It’s Tina and Laura working hard to maintain a registry.

It’s Marian fixing and regulating my clinical trials.

It’s Melanie and Reggie coordinating and facilitating the research that keeps our fires burning.

Many meet “Mo” and he is just an interface to the matrix that lives behind him. Our multidisciplinary teams that focus on the clinical aspects of caring for patients, down to Erin and Juli who help schedule all the meetings and make this a reality.

I have connected with Scott Okuno at Mayo Clinic and Mark Agulnik at Northwestern in Chicago. And now I’m talking to you. I wonder how this all started? I simply asked to get to know them and found them so receptive to collaborate. It must be the midwest.

I am blessed to be amongst such dedication and commitment. I can see no boundaries.

From Terry and Jo ‘Riding It Out for Amber’; to the Bailey’s for the courage to stand up and bike; to the Yates for yelling “fore”; to Nancy’s promise; to Alissa and her amazing determination to never give up; to Hannah for making me part of her family… no boundaries.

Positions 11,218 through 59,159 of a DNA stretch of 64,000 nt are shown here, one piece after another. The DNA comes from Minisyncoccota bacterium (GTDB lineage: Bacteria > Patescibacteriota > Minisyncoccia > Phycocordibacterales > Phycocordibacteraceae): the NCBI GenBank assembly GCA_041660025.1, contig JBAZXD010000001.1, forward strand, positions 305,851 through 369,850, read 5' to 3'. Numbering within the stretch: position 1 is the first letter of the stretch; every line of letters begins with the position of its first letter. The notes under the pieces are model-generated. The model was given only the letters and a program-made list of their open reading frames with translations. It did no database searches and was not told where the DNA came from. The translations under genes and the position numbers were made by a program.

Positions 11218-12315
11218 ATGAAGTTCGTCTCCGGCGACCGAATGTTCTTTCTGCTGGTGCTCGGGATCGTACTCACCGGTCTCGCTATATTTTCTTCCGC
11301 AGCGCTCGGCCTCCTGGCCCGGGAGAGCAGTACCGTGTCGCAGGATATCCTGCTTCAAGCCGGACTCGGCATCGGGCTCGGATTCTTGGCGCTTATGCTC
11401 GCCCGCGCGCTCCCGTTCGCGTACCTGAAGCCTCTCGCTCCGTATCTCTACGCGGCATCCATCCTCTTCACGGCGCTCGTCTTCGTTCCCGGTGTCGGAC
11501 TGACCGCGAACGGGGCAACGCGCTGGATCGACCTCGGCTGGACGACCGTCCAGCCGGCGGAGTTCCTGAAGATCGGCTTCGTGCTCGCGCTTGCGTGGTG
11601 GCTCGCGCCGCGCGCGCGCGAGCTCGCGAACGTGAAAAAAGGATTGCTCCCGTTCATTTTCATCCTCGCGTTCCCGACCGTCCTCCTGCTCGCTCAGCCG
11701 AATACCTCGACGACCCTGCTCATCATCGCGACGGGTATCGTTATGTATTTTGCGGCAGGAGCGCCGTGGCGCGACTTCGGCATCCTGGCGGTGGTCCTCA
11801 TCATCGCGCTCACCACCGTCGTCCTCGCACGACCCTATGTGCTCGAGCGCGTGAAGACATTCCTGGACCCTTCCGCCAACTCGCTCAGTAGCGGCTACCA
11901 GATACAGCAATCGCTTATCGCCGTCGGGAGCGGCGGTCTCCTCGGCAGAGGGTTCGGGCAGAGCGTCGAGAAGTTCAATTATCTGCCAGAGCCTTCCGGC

Hence this small introduction to my team- anyone can join us. These are some of the many faces that help me fight. Many who have gotten to know me have asked me how I do it every day, facing this.. I tell them, “I married a psychiatrist” and they laugh. Well, Arwa, my wife, knows better. It is the people that surround me that I draw my inspiration to help those in need. Understanding our connectivity to each other and the willingness of so many to put their best food forward makes me proud to be  a part of all of this.

Mo

 

Check out these websites:

Ride It Out for Amber

Courage Ride

The Steve Yates Golf Tournament

The Jim White Foundation